Perhaps the highlight of the “naughty, bawdy, gaudy, sporty” revival of 42ndStreet at the Stratford Shakespeare Festival’s Festival Theatre is the first appearance of beloved leading lady Cynthia Dale since Des McAnuff took over as artistic director. (Cue the conspiracy theorists.)
In fact, Ms. Dale has the secondary role of Dorothy Brock, the fading diva who will, it is hoped, make “Pretty Lady”, the musical within a musical, a huge hit and replenish the coffers of director Julian Marsh who was all but wiped out in the Crash of ‘29. Still, as so often happens in the theatre, sentiment triumphs and Ms. Dale is given the star’s curtain call, as much for her reputation as for her accomplished supporting performance.
The real story of the show revolves around the aforementioned director and Peggy Sawyer, a super-talented kid from the sticks who is making her Broadway debut in a chorus filled with impecunious show biz types hungry for a hit.
Based on the 1933 film of the same name that made a star of Ruby Keeler, the plot of 42nd Street has become such a cliché that you probably don’t need to be told that young Ms. Sawyer is plucked from the chorus to take over the lead when Brock breaks her ankle. The rest, as they say, is show biz history.
Despite the efforts of book writers Michael Stewart and Mark Bramble, who have added more Harry Warren/Al Dubin songs to the mix (the original film only had five), the resulting adaptation can’t really be said to improve on the celluloid original. Indeed, many question the need for a stage version in the first place. There probably isn’t one. Well, except for the fact that, in the right hands, it can be a lot of fun.
The Festival’s production, under the steady hand of Gary Griffin, who also helmed the hit West Side Story of a few seasons ago, has the good sense not to condescend to the material. He has guided his fine cast to find the psychological truth in the stock characters and to play it straight. It works beautifully.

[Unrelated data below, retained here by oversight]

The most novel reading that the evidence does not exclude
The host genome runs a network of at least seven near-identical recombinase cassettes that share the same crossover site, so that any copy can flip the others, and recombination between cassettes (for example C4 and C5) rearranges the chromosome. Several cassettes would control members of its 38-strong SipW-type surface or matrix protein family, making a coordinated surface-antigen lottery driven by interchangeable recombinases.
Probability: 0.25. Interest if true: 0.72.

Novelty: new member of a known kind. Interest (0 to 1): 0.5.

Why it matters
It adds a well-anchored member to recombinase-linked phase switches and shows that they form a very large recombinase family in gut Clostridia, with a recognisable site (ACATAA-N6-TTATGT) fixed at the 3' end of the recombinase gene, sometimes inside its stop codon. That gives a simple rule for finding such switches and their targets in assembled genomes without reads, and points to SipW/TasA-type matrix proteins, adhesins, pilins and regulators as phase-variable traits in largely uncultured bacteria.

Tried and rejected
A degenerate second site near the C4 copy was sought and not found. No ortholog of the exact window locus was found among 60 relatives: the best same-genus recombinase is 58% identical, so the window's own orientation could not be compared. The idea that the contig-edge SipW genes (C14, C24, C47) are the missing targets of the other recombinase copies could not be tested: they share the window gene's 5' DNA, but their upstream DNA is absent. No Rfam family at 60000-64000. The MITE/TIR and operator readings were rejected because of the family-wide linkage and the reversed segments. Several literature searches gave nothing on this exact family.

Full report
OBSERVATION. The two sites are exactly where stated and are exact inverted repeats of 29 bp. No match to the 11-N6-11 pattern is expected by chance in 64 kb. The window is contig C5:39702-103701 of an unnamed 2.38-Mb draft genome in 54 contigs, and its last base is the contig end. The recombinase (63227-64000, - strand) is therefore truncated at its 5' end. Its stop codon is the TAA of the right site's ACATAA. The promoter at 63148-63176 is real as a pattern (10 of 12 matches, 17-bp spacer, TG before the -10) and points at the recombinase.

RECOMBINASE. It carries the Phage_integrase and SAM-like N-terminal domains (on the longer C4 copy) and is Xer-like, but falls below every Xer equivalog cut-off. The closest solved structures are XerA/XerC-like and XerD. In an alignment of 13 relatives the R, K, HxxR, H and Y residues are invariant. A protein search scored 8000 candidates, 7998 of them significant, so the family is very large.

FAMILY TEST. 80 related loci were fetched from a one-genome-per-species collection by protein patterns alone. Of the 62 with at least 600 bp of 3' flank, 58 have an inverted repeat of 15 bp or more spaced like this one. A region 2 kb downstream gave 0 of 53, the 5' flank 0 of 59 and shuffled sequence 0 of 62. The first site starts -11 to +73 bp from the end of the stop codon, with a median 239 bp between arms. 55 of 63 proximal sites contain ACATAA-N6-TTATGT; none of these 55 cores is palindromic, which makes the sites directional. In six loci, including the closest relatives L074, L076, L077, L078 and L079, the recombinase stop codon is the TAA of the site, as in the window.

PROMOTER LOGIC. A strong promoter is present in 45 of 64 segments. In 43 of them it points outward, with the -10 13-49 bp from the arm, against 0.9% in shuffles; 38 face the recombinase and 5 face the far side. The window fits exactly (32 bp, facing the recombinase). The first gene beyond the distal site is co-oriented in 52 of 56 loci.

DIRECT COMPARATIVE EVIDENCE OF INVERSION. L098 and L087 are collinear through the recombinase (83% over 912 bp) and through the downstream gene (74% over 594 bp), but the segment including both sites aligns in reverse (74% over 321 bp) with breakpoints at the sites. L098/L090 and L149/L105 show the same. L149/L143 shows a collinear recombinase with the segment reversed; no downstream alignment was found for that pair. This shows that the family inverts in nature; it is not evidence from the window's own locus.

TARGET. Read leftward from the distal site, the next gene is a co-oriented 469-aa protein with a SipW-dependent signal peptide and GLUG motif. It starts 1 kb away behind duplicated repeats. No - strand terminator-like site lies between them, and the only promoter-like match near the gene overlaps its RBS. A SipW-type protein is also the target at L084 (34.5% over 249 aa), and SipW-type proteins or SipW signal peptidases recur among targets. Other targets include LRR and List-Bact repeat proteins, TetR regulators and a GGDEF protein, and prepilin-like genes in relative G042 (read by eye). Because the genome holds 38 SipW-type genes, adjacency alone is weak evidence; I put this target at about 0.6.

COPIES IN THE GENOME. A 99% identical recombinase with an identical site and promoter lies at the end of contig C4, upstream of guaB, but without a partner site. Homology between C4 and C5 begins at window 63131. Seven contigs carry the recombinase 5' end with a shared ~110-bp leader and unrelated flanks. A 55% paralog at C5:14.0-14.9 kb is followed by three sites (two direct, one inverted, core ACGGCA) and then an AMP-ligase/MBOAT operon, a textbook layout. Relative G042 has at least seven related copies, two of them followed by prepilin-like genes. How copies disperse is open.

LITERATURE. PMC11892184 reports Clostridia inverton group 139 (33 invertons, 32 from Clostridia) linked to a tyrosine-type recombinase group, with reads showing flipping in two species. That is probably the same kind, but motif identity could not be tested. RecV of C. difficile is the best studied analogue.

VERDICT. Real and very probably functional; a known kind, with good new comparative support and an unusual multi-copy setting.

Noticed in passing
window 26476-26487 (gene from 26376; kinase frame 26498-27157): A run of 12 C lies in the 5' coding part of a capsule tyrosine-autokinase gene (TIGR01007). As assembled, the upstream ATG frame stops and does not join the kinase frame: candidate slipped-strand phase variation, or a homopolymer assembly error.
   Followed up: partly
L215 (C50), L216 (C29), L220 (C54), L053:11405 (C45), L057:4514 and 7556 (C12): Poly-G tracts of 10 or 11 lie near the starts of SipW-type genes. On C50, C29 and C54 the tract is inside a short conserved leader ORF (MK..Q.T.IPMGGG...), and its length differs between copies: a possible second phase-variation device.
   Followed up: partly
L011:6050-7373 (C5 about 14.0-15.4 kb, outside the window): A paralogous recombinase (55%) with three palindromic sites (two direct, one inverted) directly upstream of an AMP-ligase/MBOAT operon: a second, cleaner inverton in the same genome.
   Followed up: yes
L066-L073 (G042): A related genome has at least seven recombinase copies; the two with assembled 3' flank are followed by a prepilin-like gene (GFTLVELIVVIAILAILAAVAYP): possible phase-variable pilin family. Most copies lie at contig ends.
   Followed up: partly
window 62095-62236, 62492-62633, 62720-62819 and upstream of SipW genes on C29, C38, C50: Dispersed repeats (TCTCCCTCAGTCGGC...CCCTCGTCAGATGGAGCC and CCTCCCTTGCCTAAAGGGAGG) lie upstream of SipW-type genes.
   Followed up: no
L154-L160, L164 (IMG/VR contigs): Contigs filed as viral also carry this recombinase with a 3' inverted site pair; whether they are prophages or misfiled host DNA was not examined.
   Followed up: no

Jennifer Rider-Shaw brings terrific tap technique and a Mermanesque belt, not to mention a set of pearly whites that dazzle, to the role of Peggy Sawyer. Sean Arbuckle is suitably intense as director Marsh and Kyle Blair is winning as the show’s juvenile, Billy Lawlor.
Alex Sanchez’ tapalicious choreography gives just the right nod and wink to the Busby Berkeley originals from the film and the cast, most of whom have long lists of Shakespeare credits, hoof it like pros. Sanchez has also created a memorable “Shuffle Off to Buffalo” number for Gabrielle Jones and Carl Danielson, who play “Pretty Lady’s” composer and librettist, and who make the most of the opportunity. Debra Hanson has contributed some deliciously glitzy costumes along with an inventive set.
42nd Street is somewhat unusual among musicals in that there is no strong love story. Yes, Julian Marsh seems to break out of his shell just long enough to get a little sweet on Peggy, Dorothy Brock reunites with her old flame, a vaudevillian who seems to have slipped off the stairway to stardom, and at play’s end it seems likely that Peggy and Billy will become an item, but these are throwaways. The real love story here, for both the cast and the audience is show business in all its clichéd glory. The affection is mutual.
42nd Street continues at the Festival Theatre though October 29, 2012
For more information visit www.stratfordfestival.ca.